By Daniel Dunaief
It’s not exactly a symphony, with varying sounds, tones, cadences and resonances all working together to take the listener on an auditory journey through colors, moods and meaning. In fact, the total length of the distortion is so short — about 0.1 seconds — that it’s a true scratch-your-ear-and-you’ll-miss-it moment.
And yet, astrophysicists like William Farr, an associate professor in the Department of Physics and Astronomy at Stony Brook University and a group leader in gravitational wave astronomy with the Simons Foundation Flatiron Institute, are thrilled that they have been able to measure distortions in space and time that occur at audio frequencies that they can convert into sounds. These distortions were made millions or even billions of years ago from merging black holes.
Farr, in collaboration with a team of scientists from various institutions, recently published a paper in Physical Review Letters on the topic.
While the ability to detect sounds sent hurtling through space billions of years before Tyrannosaurus Rex stalked its prey on Earth with its mammoth jaw and short forelimbs offers some excitement in and of itself, Farr and other scientists are intrigued by the implications for basic physical principles.
General relativity, a theory proposed by Albert Einstein over 100 years ago, offers specific predictions about gravitational waves traveling through space.“The big excitement is that we checked those predictions and they matched what we saw. It’s a very direct test of general relativity and its predictions about a super extreme environment near a black hole,” said Farr. There are other tests of general relativity, but none that directly test its predictions so close to the event horizon of a black hole, he explained.
General relativity predicts a spectrum of tones from a black hole, much like quantum mechanics predicts a spectrum line from a hydrogen atom, Farr explained.
The result of this analysis “provides another striking confirmation of the theory of general relativity and also demonstrates that there are even more exciting things that can be done with gravitational wave astrophysics,” Marilena Loverde, an assistant professor of physics at the C. N. Yang Institute for Theoretical Physics at Stony Brook University, explained in an email. Loverde suggested that Farr is “particularly well-known for bringing powerful new statistical techniques to extract science from vast astrophysical data sets.”
Farr and his colleagues discovered two distortions that they converted into tones from one merger event. By measuring the frequency of the first one, they could predict the frequency for all the other tones generated in the event. They detected one more event, whose frequency and decay rate were consistent with general relativity given the accuracy of the measurement.
So, what does the merger of two black holes sound like, from billions of light years away? Farr suggested it was like a “thunk” sent over that tremendous distance. The pitch of that sound varies depending on the masses of the black holes. The difference in sound is akin to the noise a bear makes compared with a chipmunk: A larger black hole, or animal, in this comparison, makes a noise with a deeper pitch.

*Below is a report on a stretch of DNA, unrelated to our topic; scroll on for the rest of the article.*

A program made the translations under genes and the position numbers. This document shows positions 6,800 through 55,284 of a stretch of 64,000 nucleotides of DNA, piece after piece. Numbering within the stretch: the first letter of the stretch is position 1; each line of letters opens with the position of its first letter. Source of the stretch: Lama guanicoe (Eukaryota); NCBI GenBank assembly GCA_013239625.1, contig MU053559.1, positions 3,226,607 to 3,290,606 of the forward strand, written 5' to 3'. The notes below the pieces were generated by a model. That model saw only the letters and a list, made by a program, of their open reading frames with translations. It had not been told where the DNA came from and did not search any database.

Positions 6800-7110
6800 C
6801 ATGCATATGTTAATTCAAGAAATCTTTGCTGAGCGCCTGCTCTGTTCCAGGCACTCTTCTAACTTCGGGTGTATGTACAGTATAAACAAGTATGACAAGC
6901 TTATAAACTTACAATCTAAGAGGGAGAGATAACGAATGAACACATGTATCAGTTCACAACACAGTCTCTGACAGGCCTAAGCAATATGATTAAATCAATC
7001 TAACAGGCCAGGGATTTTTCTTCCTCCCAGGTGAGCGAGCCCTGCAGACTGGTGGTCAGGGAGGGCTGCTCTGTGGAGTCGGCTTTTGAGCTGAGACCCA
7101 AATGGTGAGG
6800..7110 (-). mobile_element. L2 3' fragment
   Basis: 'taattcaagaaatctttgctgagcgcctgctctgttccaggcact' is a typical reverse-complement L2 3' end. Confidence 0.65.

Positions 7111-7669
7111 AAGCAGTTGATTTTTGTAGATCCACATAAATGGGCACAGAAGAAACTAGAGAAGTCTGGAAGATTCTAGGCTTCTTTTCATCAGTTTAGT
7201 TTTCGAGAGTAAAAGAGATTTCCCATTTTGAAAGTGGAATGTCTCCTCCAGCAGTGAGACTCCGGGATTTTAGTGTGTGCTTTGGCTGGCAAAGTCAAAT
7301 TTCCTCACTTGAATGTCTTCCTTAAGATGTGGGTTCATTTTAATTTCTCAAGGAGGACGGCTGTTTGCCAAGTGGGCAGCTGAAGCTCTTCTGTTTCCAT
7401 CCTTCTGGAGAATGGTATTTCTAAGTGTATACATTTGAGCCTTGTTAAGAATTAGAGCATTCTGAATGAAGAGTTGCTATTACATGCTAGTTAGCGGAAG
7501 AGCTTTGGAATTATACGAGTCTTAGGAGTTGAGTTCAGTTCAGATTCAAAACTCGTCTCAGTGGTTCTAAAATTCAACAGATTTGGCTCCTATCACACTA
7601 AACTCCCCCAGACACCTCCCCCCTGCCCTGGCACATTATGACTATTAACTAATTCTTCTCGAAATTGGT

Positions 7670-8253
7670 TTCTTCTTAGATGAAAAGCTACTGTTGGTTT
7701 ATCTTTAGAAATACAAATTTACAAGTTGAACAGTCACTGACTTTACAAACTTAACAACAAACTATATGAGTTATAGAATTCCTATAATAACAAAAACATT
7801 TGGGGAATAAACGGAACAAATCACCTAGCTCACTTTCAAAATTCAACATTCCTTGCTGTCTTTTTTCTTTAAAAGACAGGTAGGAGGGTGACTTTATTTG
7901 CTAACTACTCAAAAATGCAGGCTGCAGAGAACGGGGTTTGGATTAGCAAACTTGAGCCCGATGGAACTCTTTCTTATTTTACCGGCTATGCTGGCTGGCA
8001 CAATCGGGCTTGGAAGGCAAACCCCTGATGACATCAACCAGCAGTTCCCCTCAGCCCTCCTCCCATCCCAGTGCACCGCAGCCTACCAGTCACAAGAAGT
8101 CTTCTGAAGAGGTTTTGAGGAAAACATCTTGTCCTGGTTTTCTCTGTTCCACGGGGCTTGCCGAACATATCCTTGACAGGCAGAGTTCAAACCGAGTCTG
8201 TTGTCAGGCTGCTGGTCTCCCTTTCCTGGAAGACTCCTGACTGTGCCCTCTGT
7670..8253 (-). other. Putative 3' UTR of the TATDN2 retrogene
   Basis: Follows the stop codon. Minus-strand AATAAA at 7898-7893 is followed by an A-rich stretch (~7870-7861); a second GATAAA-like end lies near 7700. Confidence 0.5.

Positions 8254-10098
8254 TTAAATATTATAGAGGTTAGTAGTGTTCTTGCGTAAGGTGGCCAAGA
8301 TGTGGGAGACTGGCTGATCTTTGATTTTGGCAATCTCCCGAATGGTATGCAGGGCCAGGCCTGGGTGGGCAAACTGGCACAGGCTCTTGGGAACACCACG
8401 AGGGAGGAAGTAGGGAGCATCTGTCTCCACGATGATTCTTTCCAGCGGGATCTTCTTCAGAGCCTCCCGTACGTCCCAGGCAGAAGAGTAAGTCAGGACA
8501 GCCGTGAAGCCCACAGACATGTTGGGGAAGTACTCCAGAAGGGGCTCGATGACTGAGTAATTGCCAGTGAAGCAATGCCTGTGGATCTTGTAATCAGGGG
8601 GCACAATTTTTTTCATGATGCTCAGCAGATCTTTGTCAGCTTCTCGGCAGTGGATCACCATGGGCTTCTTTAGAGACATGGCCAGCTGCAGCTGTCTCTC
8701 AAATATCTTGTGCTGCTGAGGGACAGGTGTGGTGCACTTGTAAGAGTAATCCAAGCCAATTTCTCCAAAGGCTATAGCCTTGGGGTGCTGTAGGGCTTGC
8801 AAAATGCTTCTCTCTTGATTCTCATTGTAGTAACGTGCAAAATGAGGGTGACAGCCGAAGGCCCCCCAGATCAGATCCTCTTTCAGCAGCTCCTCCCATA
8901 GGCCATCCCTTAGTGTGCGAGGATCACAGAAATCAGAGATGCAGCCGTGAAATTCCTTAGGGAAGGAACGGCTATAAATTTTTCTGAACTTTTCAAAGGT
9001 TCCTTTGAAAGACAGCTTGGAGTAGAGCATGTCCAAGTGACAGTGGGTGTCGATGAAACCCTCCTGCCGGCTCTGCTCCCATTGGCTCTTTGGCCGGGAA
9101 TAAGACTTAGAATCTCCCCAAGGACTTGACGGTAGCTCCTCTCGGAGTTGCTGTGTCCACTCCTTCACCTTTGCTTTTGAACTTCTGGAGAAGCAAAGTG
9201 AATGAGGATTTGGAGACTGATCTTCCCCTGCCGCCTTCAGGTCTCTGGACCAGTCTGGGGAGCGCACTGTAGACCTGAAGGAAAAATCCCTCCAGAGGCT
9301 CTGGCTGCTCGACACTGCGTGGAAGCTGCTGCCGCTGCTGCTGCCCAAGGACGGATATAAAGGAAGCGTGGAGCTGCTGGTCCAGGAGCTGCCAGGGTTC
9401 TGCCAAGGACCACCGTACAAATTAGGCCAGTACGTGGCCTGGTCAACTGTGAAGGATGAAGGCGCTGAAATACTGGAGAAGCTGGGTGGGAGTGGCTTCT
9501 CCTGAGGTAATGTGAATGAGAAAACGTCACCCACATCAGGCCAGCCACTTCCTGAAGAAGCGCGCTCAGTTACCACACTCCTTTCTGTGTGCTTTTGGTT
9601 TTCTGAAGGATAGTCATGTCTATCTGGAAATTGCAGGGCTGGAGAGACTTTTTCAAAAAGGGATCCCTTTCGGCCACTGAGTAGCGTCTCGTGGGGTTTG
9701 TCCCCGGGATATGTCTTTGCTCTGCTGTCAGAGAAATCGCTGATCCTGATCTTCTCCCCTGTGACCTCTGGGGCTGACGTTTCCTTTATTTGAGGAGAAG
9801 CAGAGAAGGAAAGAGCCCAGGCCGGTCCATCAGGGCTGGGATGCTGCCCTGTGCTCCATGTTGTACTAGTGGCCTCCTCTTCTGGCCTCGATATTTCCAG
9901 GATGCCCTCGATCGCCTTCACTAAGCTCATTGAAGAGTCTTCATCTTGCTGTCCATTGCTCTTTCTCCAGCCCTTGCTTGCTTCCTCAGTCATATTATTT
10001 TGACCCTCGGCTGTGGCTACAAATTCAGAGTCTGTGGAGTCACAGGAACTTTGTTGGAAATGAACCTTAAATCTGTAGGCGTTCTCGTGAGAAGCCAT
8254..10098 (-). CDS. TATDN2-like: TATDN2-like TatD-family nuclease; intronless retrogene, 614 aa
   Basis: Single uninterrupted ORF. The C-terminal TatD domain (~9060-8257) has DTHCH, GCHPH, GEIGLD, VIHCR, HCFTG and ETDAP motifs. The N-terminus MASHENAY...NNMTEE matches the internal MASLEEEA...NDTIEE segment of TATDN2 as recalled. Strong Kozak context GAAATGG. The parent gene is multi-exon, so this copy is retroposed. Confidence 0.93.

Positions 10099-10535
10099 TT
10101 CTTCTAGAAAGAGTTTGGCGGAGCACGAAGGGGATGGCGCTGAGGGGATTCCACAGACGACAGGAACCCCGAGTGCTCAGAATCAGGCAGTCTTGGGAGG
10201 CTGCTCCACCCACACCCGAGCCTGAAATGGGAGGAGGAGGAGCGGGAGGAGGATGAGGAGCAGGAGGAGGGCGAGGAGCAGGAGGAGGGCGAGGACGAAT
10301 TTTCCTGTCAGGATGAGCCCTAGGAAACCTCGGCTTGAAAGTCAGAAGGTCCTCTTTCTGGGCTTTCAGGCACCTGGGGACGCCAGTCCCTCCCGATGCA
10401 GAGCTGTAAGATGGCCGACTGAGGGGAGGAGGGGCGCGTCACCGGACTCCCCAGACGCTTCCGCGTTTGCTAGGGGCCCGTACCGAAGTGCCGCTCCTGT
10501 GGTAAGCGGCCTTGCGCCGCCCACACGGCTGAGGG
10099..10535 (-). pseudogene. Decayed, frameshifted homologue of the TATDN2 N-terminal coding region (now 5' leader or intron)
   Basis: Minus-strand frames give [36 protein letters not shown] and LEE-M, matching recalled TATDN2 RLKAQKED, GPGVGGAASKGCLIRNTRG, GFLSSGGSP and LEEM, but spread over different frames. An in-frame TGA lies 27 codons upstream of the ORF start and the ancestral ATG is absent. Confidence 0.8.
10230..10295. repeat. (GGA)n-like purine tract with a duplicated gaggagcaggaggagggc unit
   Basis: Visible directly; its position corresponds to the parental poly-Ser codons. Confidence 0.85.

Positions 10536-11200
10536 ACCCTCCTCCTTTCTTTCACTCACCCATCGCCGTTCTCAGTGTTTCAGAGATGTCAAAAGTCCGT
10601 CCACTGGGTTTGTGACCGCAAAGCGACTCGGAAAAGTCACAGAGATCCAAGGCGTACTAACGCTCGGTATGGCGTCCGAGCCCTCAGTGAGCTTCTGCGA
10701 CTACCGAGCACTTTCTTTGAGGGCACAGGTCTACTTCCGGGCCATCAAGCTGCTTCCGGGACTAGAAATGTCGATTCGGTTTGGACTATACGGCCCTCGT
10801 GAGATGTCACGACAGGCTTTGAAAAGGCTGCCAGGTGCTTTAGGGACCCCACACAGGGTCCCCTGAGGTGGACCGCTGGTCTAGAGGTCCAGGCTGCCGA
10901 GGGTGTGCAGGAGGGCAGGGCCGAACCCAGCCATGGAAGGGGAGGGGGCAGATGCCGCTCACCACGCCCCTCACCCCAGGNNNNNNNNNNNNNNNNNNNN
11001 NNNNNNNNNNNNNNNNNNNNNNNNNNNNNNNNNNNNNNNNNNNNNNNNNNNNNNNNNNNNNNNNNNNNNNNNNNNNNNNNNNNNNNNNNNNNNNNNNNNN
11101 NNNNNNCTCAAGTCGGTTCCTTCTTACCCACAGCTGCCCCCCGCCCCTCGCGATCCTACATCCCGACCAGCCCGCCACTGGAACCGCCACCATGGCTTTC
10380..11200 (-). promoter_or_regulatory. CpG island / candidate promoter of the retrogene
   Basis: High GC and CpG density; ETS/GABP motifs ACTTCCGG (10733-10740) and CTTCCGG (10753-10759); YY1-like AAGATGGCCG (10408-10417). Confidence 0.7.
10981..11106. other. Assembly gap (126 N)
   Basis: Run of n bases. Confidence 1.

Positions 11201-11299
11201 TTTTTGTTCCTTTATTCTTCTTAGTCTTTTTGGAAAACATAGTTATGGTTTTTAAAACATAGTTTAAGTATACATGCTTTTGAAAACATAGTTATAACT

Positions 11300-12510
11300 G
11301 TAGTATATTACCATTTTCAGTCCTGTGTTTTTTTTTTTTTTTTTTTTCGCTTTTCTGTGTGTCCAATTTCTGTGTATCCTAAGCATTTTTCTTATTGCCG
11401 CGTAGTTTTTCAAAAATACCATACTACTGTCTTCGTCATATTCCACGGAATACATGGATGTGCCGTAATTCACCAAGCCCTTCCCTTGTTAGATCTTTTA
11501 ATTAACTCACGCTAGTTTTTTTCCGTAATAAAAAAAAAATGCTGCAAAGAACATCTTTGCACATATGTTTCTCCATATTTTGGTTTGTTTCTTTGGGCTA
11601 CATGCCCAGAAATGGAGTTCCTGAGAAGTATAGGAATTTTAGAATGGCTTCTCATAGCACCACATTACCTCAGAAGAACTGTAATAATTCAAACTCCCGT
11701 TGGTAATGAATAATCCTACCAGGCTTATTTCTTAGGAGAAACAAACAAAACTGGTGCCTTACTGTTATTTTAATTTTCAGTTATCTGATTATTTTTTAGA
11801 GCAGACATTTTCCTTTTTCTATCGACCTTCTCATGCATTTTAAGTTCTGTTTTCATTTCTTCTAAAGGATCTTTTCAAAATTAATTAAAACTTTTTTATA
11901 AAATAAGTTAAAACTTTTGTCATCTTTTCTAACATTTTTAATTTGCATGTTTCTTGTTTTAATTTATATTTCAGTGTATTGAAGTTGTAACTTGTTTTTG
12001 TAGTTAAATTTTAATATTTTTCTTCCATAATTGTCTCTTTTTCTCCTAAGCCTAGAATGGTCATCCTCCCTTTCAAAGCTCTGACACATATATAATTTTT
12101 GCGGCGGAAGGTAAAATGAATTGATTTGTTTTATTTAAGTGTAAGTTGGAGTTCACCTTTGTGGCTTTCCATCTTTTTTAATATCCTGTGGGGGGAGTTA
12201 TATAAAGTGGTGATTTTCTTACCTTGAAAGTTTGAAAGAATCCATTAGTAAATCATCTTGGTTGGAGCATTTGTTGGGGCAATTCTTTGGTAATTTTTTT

He used data from the Laser Interferometer Gravitational-Wave Observatory, or LIGO, which is a twin system located in Livingston, Louisiana, and Hanford, Washington. LIGO had collected data from black hole merger events over a noncontinuous six-month period from 2015 to 2017.
Farr chose the loudest one, which came from 1.5 billion years ago. Farr was using data from the instrument, which collects gravitational waves as they reach the two different locations, when it was less sensitive. Given the original data, he might not have discovered anything. He was, however, delighted to discover the first tone.
If something that far away emitted a gravitational wave sound that lasts such a short period of time, how, then, could the LIGO team and Farr’s analysis be sure the sound originated with the cosmic collision?
“We make ‘extreme’ efforts to be sure about this,” Farr explained in an email. “It is one reason we built two instruments (so that something weird happening in one does not fool us).” He said he makes sure the signal is consistently recorded in both concurrently. To rule out distortions that might come from other events, like comets slamming into exoplanets, he can measure the frequency of the event and its amplitude.
Black holes form when stars collapse. After the star that, in this case, was likely around 25 times the mass of the sun, exploded, what was left behind had an enormous mass. When another, nearby star becomes a black hole, the two black holes develop an orbit like their progenitor stars. When these stars become black holes, they will emit enough gravitational waves to shrink the orbit, leading to a merger over a few billion years. That’s what he “heard” from the last second or fraction of a second.
Farr expects to have the chance to analyze considerably more data over the next few months. First, he is working to analyze data that has already been released and then he will explore data from this year’s observations, which includes about 25 more mergers.
“The detectors are getting more sensitive,” he said. This year, scientists can see about 30 percent further than they could in the first and second observing runs, which translates into seeing over twice the total volume.
Farr has been at Stony Brook for almost a year. Prior to his arrival, he had lived in England for five years. He and his wife, Rachel, who have a 3½-year-old daughter, Katherine, live in Stony Brook.
As for his work, Farr is thrilled that he will have a chance to study more of these black hole merger sounds that, while not exactly Mozart, are, nonetheless, music to his ears. “Each different event tells us different things about how stars form and evolve,” he said.